Monday, April 14, 2008

Lessons from the First Afghan War

Given the United States then-recent retreat from Vietnam, scholars have questioned why the Soviet Union would have invaded a small country on the periphery of its empire thereby risking getting bogged down in an foreign adventure. Michael MccGwire saw the Soviet Union’s invasion as a reasonable response to concerns about its own security on its southern frontier. “The Soviets saw Afghanistan as part of their national security zone, and their intervention was directly comparable to those in Hungary in 1956 and Czechoslovakia in 1968 and not some new departure.” 1 Raymond Garthoff argued that the Politburo believed the security situation in Afghanstan was so dire and such a threat to their interests that they had no choice but to intervene. Garthoff analogized that Afghanistan is to Russia as Mexico is to the United States. “…No one in the American leadership sought to understand the Soviet position by imagining a comparable parallel situation on the southern border of the United States (moreover with a hostile China and an adversarial alliance in place of the Atlantic and Pacific oceans). In such a case, it would not have been difficult to imagine an American intervention to save American lives and strategic assets and to preemptively preclude hostile presence.” 2 An Afghani observer rejected the rational geopolitical calculus as an explanation for the Soviet intervention, and instead identified the cause as the Soviet Communists’ lust for power and empire. “The concern that the Soviet leaders showed about their ‘insecurity’ of their southern borders was a mere rationalization for their drive for expansion, a drive reminiscent of nineteenth-century colonialism.” 3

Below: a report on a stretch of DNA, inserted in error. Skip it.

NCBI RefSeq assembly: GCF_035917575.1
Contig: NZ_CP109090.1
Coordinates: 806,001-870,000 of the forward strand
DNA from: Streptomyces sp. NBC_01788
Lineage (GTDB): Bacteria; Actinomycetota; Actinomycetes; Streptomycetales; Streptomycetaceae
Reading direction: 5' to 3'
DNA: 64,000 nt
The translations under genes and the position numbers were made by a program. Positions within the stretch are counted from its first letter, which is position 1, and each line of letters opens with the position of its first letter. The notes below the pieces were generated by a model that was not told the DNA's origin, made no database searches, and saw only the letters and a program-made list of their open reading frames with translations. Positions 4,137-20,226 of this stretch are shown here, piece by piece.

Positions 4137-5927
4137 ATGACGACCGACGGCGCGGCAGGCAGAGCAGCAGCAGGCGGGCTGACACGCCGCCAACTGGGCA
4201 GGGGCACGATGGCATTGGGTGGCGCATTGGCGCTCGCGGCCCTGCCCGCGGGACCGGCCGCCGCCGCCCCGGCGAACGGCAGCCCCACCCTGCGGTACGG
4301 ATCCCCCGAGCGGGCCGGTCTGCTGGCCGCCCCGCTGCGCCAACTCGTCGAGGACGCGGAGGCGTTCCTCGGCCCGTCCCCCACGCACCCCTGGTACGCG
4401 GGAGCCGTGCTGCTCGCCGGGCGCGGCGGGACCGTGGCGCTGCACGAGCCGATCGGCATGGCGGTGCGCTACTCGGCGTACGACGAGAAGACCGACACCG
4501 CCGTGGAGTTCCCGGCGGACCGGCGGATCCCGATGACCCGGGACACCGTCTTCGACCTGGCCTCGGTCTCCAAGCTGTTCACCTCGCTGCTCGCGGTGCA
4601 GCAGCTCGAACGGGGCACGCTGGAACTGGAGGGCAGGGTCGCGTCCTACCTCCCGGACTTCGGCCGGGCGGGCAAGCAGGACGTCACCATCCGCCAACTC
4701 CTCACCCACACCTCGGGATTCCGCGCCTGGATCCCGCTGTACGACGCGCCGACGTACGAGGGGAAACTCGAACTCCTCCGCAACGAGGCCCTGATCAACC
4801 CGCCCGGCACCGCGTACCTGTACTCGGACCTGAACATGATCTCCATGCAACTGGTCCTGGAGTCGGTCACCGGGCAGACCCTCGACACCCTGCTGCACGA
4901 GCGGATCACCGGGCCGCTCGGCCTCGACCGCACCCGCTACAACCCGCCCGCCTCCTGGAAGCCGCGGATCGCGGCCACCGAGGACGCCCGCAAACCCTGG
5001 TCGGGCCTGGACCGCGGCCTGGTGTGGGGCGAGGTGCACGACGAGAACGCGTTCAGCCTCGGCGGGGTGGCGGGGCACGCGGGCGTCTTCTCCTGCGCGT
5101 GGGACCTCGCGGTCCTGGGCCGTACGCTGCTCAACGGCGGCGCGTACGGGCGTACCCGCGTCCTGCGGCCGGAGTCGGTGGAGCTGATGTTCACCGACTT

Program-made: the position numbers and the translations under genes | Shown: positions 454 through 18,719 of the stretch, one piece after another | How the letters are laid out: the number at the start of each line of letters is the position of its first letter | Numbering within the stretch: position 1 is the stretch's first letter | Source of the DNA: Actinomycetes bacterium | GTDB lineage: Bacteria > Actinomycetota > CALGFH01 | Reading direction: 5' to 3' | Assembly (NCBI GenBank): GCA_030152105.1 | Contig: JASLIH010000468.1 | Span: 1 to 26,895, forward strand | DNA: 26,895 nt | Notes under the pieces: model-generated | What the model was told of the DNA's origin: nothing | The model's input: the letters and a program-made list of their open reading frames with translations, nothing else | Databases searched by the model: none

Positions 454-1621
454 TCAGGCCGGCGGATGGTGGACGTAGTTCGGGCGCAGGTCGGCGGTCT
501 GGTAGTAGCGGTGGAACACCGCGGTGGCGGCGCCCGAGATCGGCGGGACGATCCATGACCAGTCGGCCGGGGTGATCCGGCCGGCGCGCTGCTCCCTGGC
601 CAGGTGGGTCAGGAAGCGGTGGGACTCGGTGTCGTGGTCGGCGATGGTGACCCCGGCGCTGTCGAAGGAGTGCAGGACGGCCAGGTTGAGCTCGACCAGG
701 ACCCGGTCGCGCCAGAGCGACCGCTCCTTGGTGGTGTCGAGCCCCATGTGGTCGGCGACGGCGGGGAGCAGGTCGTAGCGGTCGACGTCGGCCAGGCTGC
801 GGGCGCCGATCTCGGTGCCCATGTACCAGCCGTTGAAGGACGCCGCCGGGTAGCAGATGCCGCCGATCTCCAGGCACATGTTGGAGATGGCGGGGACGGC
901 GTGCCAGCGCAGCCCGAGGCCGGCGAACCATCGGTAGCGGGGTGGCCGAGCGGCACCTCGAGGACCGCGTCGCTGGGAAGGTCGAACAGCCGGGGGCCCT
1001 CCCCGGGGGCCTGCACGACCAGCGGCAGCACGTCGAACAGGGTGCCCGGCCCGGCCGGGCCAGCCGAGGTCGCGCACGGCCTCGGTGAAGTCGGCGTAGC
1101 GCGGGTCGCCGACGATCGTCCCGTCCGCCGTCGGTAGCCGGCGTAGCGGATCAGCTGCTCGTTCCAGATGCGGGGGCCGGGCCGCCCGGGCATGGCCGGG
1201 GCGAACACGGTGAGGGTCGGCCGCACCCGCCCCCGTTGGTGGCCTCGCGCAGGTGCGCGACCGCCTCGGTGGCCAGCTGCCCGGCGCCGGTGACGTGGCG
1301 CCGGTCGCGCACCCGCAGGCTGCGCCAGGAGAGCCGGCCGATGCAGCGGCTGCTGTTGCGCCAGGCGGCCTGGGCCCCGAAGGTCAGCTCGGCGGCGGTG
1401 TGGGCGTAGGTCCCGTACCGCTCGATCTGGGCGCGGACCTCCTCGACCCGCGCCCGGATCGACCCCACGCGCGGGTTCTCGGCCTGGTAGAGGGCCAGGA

The fact that Afghanistan actually bordered the Soviet Union supports Garthoff’s argument that political instability and other nations’ mischief in Afghanistan were strategic justifications for Soviet intervention. The Soviet Union had never let political challenges go unanswered on its frontiers, as MccGwire pointed out, so it was no surprise that the Soviet Union would intervene aggressively and in force as it had previously. The Soviet Union would use proxies like the Cubans or Nicaraguans in more remote insurgent battles like Angola or Latin America without injecting their own forces in those places in anything more than limited “advisor” role. Proxy wars were expensive drains on the Politburo’s treasury, but less so than would be an actual overseas deployment of an expeditionary army. Overseas proxy battles were certainly less likely than an actual Red Army deployment of provoking a response by the United States Army, and thereby actually destroying d├ętente. 4 The proof of Afghanistan’s strategic importance can be seen in the fact that a few years after the Soviet Union’s defeat there, the Soviet Union empire had broken up. While the withdrawal from Afghanistan can not be seen as a direct causal link to the dissolution of the Soviet Union, the psychological damage done by the defeat there, coupled with the drain on capital that the anemic Soviet economy could not sustain, doomed the empire.